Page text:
Nav: Home

The Lancet Public Health: UK soft drinks industry levy estimated to have significant health benefits, especially among children

December 15, 2016

The UK soft drinks industry levy, due to be introduced in April 2018, is estimated to have significant health benefits, especially among children, according to the first study to estimate its health impact, published in The Lancet Public Health.

The proposed levy relates to the sugar content of drinks: no tax on diet and low sugar drinks; a low tax on mid-sugar drinks (5-8g of sugar per 100ml); and a high tax on high-sugar drinks (over 8g of sugar per 100ml). [1]

In the study, researchers modelled three ways that the soft drinks industry may respond to the levy: reformulating drinks to reduce sugar content, passing some of the levy to consumers by raising the price of sugary drinks, and using marketing to encourage consumers to switch to lower sugar drinks. For each response they identified a realistic better and worse case scenario for health [2], by estimating the likely impact on rates of obesity, diabetes and tooth decay.

The study finds that an industry response that focuses on reducing sugar content is likely to have the greatest impact on health, with additional benefits if industry increases the price of high and mid-sugar drinks, or can successfully use marketing to persuade consumers to switch to low sugar drinks.

The authors estimate that a reduction of 30% in the sugar content of all high-sugar drinks - a step already implemented by some manufacturers [3] - and a 15% reduction in mid-sugar drinks could result in 144000 fewer adults and children with obesity, 19000 fewer cases of type 2 diabetes per year, and 269000 fewer teeth suffering from decay annually.

Passing on half of the cost of the levy to consumers leading to an increase in the price of high and mid-sugar drinks of up to 20% was estimated to reduce the number of adults and children with obesity by 81600, result in 10800 fewer cases of diabetes and 149000 fewer decaying teeth per year.

Children are likely to be benefit most, however the study also shows that the health benefits of the tax could be reduced if industry responds by increasing the price across their drinks range (including zero sugar/diet drinks, bottled water, and fruit juice) or if heavy marketing led consumers to switch from low to mid-sugar drinks.

Lead author of the study, Dr Adam Briggs, University of Oxford, UK, says "Our study provides the first estimates of the likely health impact of the UK soft drinks levy. The good news is that our study suggests that all of the most likely industry responses to the tax including reducing sugar content of soft drinks, raising prices of high-sugar drinks and increasing the market share of low-sugar drinks have the potential to improve health by reducing rates of obesity, diabetes and tooth decay. The extent of the health benefits of the tax will depend on industry's response. We must therefore be vigilant to ensure the food industry acts to remove sugar from soft drinks, and that where the tax is passed on to consumers it increases the price of targeted products only - drinks with high levels of sugar." [4]

Professor Susan Jebb, co-author, University of Oxford, says "In spite of the uncertainties, the direction of the effect is clear; this levy will have a positive impact, especially on children's health. Of course, on its own a soft drinks levy cannot solve the obesity crisis, but we should not underestimate the importance of this step, both for the UK and as a case study for other parts of the world. Then, once this Bill is passed, we need to consider how to take effective action to reduce other sources of sugar in children's diets, notably confectionery, which has so far been relatively overlooked while hearts and minds have been focused on the soft drink levy." [4]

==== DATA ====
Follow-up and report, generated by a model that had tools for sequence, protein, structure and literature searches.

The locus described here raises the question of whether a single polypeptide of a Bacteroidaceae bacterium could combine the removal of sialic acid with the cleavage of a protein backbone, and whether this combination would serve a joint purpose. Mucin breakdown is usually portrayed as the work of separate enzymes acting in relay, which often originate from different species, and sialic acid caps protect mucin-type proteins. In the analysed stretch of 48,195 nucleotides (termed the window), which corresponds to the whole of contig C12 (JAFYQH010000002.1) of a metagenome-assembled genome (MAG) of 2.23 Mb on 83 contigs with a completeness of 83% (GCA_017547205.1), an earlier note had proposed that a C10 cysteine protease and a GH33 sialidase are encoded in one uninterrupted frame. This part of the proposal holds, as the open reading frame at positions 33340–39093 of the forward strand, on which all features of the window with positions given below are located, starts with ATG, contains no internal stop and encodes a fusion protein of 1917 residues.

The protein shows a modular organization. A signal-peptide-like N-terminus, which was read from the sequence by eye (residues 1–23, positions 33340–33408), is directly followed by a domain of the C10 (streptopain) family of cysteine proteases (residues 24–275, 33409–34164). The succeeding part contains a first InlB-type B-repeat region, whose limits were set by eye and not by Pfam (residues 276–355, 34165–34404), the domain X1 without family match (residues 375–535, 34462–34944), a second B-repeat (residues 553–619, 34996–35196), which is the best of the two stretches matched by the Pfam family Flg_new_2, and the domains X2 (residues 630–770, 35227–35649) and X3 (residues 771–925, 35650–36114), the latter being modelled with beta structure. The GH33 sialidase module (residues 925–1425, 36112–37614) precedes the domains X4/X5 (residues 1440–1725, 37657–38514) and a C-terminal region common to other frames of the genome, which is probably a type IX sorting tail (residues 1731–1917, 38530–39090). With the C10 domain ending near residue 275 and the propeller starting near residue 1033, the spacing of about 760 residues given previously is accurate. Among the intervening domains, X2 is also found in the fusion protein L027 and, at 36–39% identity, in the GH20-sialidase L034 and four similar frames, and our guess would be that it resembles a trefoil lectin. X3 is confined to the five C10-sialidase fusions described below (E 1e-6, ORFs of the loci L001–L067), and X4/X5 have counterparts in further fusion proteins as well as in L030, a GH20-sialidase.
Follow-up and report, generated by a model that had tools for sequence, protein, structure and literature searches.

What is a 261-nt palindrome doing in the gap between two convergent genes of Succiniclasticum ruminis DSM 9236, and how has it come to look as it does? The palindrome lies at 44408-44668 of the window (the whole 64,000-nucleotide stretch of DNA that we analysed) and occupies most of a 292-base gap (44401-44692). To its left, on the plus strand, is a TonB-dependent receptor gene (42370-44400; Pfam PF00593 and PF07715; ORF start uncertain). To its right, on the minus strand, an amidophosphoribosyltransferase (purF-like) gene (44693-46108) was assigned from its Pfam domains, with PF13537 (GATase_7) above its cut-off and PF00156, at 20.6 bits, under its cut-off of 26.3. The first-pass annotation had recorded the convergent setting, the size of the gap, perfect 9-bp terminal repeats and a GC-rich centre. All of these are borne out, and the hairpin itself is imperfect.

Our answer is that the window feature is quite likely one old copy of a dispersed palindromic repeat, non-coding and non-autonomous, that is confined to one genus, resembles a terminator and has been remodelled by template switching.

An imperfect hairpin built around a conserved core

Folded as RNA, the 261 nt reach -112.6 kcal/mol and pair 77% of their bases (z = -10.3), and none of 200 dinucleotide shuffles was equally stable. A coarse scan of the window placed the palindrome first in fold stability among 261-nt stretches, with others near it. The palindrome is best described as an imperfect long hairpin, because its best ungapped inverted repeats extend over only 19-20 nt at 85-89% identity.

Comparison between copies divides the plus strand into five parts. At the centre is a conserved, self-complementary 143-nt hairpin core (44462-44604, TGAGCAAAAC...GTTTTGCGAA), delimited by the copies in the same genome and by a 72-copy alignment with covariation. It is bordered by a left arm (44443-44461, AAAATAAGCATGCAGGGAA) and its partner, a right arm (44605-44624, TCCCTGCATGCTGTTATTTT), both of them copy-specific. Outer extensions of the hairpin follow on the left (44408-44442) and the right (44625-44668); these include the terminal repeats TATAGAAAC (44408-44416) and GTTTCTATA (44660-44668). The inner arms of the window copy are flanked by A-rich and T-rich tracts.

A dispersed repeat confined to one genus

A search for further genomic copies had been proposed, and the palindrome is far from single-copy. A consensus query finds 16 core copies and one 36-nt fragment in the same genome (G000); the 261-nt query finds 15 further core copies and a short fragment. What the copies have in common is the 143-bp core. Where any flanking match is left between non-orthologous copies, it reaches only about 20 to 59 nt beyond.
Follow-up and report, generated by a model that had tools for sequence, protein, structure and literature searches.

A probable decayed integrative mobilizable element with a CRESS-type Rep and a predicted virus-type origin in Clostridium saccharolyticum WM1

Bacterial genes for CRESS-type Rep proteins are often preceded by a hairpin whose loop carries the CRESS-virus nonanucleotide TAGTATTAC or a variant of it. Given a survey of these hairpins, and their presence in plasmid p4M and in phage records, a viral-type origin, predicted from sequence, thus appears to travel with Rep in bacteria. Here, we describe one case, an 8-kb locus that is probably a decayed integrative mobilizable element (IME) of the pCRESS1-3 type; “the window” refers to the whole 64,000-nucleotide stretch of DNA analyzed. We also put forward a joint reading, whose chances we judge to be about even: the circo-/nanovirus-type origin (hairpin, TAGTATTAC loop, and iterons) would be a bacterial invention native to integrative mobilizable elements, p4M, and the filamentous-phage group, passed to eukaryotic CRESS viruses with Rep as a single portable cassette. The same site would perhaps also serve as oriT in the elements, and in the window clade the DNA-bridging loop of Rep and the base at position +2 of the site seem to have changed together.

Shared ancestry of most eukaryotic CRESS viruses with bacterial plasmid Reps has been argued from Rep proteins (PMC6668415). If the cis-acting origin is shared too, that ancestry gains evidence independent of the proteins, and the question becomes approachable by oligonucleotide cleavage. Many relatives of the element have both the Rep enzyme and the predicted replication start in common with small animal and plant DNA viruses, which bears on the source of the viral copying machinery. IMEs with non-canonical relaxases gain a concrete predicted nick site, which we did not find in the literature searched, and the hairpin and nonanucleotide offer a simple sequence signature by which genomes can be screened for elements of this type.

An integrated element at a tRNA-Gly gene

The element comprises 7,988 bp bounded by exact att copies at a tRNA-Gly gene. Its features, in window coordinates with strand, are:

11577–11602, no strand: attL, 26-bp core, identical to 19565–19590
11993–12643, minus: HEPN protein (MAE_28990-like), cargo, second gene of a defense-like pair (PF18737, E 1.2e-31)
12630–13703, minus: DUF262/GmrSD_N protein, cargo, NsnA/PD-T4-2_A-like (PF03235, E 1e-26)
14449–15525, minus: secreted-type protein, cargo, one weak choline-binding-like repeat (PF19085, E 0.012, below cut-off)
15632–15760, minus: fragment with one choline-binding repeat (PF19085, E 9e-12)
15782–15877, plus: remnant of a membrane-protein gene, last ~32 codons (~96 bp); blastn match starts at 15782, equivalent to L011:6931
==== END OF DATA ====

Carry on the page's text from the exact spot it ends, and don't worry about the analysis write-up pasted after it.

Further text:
Professor Richard Tiffin, co-author, University of Reading, UK, adds: "Our study shows a modest but significant impact on health resulting from the imposition of the levy. Childhood obesity is a ticking time bomb and we must now turn our attention to other measures that will bring about the step change in diet that is necessary to truly tackle this issue. We need a much better understanding of the diverse and complex reasons people choose a poor diet." [4]

The researchers note that the most likely response from industry will involve a combination of the approaches outlined in the study, and although there is a high level of uncertainty in the estimates, the findings provide much needed evidence on the relative effects of different industry responses, and the possible magnitude of health outcomes. They add that the study did not look at the time lag between implementation and effect of the changes, but suggest that improvements in tooth decay would be seen first, followed by reduced rates of obesity and cases of type 2 diabetes.

Writing in a linked Comment, Dr Lennert Veerman, University of Queensland, Australia, says: "The analysis focuses on short-term impacts that directly relate to sugar-sweetened beverage (SSB) consumption, namely obesity, diabetes, and caries. These effects are most relevant to policy makers keen to show the effectiveness of their interventions... Future work can assess the impact of SSB taxes on chronic diseases that would materialise later in time, such as heart disease, stroke, low back pain, and osteoarthritis, which would further strengthen the case for the SSB tax. The health impact of the tax on sugared drinks proposed in the UK is likely to be substantial and considerably greater than Briggs and colleagues suggest."
-end-
NOTES TO EDITORS: The authors received no specific funding for this work.

[1] On Monday 5th December, the UK Government published draft legislation on the UK soft drinks industry levy. https://www.gov.uk/government/consultations/soft-drinks-industry-levy For a table of popular soft drinks, their current sugar concentrations and proposed tax bracket, see: http://press.thelancet.com/tax.docx The tax rates used in this research are 18p per litre for the lower tax bracket and 24p per litre for the higher tax bracket, as estimated by the Office for Budget Responsibility, and are subject to change in the 2017 budget http://cdn.budgetresponsibility.org.uk/March2016EFO.pdf